“We Have Always Been Here” Review

The cover has shapes that look like the heads and shoulders in multiple colors - light pink, dark pink, light green and dark green. The title is written out across the cover taking up most of it and then the authors name is at the bottom. There's a circle logo for the Canadian Reads that says it was the 2020 section for that award. Full Title: “We Have Always Been Here: A Queer Muslim Memoir”
Written by Samra Habib
Published by Viking, June 2019
272 pages
Completed July 2, 2023

Samra Habib has spent most of their life searching for the safety to be themself. As an Ahmadi Muslim growing up in Pakistan, they faced regular threats from Islamic extremists who believed the small, dynamic sect to be blasphemous. From their parents, they internalized the lesson that revealing their identity could put them in grave danger.

When their family came to Canada as refugees, Samra encountered a whole new host of challenges: bullies, racism, the threat of poverty, and an arranged marriage. Backed into a corner, their need for a safe space–in which to grow and nurture their creative, feminist spirit–became dire. The men in Samra’s life wanted to police them, the women in their life had only shown them the example of pious obedience, and their body was a problem to be solved.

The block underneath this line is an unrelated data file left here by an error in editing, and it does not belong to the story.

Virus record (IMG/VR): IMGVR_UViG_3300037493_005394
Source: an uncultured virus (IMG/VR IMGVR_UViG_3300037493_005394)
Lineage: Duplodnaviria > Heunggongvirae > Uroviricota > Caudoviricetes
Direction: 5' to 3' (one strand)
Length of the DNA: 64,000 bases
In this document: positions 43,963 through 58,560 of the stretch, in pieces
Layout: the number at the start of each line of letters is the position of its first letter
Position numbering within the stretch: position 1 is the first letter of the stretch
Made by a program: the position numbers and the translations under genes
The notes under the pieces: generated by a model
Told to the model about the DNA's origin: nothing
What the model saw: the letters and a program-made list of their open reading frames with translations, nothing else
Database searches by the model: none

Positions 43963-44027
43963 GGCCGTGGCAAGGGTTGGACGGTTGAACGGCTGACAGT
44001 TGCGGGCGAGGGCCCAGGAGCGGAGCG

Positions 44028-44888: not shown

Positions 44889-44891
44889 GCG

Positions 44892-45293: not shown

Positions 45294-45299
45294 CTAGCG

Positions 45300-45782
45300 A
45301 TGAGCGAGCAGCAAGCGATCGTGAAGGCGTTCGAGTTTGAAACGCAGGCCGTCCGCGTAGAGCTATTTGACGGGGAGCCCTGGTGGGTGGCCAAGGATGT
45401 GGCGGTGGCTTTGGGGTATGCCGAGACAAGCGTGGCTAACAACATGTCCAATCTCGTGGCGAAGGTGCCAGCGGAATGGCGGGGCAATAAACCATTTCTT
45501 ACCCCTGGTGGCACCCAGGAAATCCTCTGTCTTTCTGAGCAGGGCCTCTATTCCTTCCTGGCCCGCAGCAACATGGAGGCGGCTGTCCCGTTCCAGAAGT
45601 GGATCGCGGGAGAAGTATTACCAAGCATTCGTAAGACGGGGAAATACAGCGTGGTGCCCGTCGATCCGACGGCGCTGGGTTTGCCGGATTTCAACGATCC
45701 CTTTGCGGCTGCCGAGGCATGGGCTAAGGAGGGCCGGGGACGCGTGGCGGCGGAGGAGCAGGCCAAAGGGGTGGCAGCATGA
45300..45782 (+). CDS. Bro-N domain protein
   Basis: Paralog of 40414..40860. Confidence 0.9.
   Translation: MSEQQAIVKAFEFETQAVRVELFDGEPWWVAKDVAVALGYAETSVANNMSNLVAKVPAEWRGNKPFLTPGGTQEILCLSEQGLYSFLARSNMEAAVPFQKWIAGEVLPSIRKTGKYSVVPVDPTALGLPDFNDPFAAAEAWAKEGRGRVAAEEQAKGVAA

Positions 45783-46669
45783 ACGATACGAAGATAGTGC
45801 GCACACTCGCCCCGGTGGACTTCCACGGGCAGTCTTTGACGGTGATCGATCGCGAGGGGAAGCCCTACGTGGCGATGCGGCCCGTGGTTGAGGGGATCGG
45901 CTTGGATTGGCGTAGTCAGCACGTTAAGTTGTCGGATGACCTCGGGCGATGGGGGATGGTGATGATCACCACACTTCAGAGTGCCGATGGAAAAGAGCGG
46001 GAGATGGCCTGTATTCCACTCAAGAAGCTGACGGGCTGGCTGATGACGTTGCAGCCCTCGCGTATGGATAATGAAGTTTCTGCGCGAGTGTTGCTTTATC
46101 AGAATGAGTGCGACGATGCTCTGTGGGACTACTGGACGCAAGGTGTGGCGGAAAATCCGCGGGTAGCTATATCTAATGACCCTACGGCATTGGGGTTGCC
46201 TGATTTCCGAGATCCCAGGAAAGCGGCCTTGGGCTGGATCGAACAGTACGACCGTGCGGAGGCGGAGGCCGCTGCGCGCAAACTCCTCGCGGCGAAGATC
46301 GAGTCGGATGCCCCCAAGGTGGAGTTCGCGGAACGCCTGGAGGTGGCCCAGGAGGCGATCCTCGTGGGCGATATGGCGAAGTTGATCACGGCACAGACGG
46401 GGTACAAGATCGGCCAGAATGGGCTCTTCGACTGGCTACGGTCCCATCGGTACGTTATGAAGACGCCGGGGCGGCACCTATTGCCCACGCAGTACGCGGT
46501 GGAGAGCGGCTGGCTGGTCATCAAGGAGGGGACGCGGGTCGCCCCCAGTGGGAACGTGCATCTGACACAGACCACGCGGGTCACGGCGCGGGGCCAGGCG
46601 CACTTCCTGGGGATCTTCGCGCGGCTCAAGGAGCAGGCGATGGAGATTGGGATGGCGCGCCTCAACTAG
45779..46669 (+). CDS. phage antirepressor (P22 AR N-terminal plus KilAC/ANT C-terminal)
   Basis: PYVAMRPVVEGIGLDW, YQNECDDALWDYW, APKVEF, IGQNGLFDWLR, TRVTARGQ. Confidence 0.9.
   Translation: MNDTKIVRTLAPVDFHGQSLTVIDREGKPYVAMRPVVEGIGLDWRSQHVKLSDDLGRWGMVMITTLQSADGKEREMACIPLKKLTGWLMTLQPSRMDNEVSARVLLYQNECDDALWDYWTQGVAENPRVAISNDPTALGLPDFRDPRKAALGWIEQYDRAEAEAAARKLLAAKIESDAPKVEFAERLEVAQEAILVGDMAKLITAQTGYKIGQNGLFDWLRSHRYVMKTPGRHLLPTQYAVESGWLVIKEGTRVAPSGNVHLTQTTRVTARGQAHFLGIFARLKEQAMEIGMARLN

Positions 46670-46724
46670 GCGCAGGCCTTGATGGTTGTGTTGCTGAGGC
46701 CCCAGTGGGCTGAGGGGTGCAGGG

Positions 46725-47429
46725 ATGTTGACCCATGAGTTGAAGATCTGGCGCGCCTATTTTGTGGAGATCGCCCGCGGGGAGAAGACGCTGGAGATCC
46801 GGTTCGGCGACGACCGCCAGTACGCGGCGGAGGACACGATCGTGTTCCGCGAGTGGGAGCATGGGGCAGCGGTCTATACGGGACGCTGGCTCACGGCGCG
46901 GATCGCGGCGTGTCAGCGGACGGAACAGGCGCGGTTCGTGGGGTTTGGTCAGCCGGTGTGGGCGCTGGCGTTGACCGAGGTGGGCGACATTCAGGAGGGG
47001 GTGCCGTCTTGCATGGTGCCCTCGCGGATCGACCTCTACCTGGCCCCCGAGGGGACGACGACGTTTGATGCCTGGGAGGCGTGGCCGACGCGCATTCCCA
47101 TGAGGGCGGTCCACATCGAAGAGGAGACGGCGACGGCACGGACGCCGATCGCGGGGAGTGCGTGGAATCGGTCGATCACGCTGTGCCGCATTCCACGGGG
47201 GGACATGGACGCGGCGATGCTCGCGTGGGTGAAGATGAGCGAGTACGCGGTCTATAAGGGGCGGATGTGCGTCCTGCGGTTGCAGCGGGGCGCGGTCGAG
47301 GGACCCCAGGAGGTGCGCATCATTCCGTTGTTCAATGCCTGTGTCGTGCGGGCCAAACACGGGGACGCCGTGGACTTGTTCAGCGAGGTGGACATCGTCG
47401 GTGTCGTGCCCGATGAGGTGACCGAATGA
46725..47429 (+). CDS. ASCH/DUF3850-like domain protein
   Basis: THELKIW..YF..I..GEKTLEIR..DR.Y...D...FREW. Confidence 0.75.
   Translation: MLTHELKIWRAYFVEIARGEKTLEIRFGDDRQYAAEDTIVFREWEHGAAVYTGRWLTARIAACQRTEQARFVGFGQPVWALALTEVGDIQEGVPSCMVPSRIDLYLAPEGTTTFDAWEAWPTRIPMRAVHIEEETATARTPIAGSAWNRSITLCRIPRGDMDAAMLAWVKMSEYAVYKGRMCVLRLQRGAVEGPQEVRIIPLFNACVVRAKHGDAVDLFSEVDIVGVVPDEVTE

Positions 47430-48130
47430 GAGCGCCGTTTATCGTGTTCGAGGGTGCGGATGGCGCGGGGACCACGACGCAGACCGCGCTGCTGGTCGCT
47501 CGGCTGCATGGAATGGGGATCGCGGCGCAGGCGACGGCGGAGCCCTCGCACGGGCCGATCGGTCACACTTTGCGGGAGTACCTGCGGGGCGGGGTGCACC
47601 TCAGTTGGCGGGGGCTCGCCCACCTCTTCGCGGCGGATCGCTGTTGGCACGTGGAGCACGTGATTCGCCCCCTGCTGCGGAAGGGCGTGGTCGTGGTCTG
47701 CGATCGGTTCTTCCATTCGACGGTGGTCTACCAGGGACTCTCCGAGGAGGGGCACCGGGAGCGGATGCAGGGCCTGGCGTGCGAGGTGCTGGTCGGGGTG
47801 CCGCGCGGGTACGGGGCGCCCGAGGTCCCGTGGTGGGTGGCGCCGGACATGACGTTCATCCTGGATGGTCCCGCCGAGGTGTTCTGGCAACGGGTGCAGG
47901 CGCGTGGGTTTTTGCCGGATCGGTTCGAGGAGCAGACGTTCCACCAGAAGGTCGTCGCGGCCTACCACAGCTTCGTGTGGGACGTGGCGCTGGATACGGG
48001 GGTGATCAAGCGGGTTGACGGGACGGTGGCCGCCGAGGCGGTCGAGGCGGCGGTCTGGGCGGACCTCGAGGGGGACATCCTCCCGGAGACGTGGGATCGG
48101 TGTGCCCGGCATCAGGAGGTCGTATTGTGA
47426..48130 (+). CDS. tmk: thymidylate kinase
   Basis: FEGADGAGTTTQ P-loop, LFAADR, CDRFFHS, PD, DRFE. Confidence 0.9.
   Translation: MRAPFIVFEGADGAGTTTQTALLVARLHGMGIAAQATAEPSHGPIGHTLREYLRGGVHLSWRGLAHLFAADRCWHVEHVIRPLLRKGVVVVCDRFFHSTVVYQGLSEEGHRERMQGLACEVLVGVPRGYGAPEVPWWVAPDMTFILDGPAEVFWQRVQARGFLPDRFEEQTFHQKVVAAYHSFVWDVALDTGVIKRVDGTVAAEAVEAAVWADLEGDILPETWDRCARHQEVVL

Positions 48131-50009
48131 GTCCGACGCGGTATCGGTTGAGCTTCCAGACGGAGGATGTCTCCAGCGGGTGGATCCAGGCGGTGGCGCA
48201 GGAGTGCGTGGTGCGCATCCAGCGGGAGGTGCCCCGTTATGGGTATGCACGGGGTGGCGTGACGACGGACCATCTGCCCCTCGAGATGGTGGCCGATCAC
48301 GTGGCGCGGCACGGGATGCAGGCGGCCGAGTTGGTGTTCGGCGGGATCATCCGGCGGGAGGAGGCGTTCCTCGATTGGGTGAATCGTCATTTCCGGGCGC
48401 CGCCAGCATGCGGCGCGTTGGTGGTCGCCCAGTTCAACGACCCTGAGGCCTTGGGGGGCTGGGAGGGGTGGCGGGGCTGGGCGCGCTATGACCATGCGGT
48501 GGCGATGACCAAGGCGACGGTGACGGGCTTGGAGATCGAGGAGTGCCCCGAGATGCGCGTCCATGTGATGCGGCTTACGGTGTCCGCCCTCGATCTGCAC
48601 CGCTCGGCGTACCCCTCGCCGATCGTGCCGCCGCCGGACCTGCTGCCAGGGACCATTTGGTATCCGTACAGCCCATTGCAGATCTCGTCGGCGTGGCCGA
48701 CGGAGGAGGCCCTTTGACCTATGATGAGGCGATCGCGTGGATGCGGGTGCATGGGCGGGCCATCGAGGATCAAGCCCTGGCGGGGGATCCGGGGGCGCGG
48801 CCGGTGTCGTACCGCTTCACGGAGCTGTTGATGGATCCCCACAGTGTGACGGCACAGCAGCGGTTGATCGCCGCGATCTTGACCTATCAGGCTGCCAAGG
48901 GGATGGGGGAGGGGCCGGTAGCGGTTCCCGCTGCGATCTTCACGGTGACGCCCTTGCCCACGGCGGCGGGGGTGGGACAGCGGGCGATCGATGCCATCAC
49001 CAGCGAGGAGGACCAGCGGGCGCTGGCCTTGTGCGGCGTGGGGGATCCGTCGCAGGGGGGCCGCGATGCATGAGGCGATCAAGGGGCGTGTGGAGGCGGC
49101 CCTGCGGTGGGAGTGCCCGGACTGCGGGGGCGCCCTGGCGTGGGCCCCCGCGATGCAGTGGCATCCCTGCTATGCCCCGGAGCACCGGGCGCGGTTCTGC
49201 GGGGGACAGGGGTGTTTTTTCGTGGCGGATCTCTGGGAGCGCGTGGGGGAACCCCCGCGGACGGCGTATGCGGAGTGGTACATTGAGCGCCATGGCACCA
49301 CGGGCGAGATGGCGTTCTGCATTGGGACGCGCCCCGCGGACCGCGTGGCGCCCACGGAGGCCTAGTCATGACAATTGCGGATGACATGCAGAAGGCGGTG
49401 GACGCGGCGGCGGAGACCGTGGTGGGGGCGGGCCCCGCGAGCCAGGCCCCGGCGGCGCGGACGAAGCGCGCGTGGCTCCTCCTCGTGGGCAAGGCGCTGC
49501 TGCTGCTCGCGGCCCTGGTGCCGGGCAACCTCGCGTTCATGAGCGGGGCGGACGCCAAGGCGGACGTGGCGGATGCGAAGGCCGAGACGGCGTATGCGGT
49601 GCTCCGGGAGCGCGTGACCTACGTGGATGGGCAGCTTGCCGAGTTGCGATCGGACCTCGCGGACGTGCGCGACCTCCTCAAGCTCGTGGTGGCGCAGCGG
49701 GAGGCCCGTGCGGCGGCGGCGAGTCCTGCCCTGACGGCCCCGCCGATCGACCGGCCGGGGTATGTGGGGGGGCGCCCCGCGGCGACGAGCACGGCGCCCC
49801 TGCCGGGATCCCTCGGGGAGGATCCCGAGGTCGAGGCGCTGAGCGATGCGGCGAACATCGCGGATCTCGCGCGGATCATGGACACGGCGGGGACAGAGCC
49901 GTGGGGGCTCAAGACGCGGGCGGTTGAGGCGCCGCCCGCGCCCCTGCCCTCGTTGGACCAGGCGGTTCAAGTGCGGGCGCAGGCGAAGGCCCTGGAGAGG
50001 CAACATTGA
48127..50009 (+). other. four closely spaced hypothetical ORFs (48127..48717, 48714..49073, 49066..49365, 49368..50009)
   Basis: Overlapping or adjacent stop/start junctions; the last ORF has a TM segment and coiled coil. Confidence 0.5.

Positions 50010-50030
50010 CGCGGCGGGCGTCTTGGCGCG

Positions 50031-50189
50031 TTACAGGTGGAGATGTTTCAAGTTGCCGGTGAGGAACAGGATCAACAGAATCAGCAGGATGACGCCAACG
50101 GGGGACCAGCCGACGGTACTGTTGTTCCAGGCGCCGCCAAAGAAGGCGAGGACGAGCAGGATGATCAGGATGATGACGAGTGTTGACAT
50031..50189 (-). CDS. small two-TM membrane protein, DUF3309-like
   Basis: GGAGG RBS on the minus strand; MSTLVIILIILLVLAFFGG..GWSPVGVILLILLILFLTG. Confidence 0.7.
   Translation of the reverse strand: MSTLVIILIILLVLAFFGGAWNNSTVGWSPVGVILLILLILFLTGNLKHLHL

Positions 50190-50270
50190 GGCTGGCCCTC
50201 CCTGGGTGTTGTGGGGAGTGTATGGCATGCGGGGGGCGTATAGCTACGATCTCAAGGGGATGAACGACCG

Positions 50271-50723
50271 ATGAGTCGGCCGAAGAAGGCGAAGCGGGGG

So begins an exploration of faith, art, love, and queer sexuality, a journey that takes them to the far reaches of the globe to uncover a truth that was within them all along. A triumphant memoir of forgiveness and family, both chosen and not, We Have Always Been Here is a rallying cry for anyone who has ever felt out of place and a testament to the power of fearlessly inhabiting one’s truest self.

This was a really interesting memoir. There was so much to learn and understand about Samra and their past. I really liked learning about their history and their exploration of their own queer identity. I’m glad that Samra was able to find themselves by finding other queer Muslims to be around. I also recommend checking out their photography project (which Samra talks about near the end of the book) Just Me and Allah which documents the lives of LGBTQ Muslims.

Note: Samra now uses they/them pronouns. While previous publications about them and descriptions of the memoir may refer to Smara with other pronouns they/them is correct and should be used.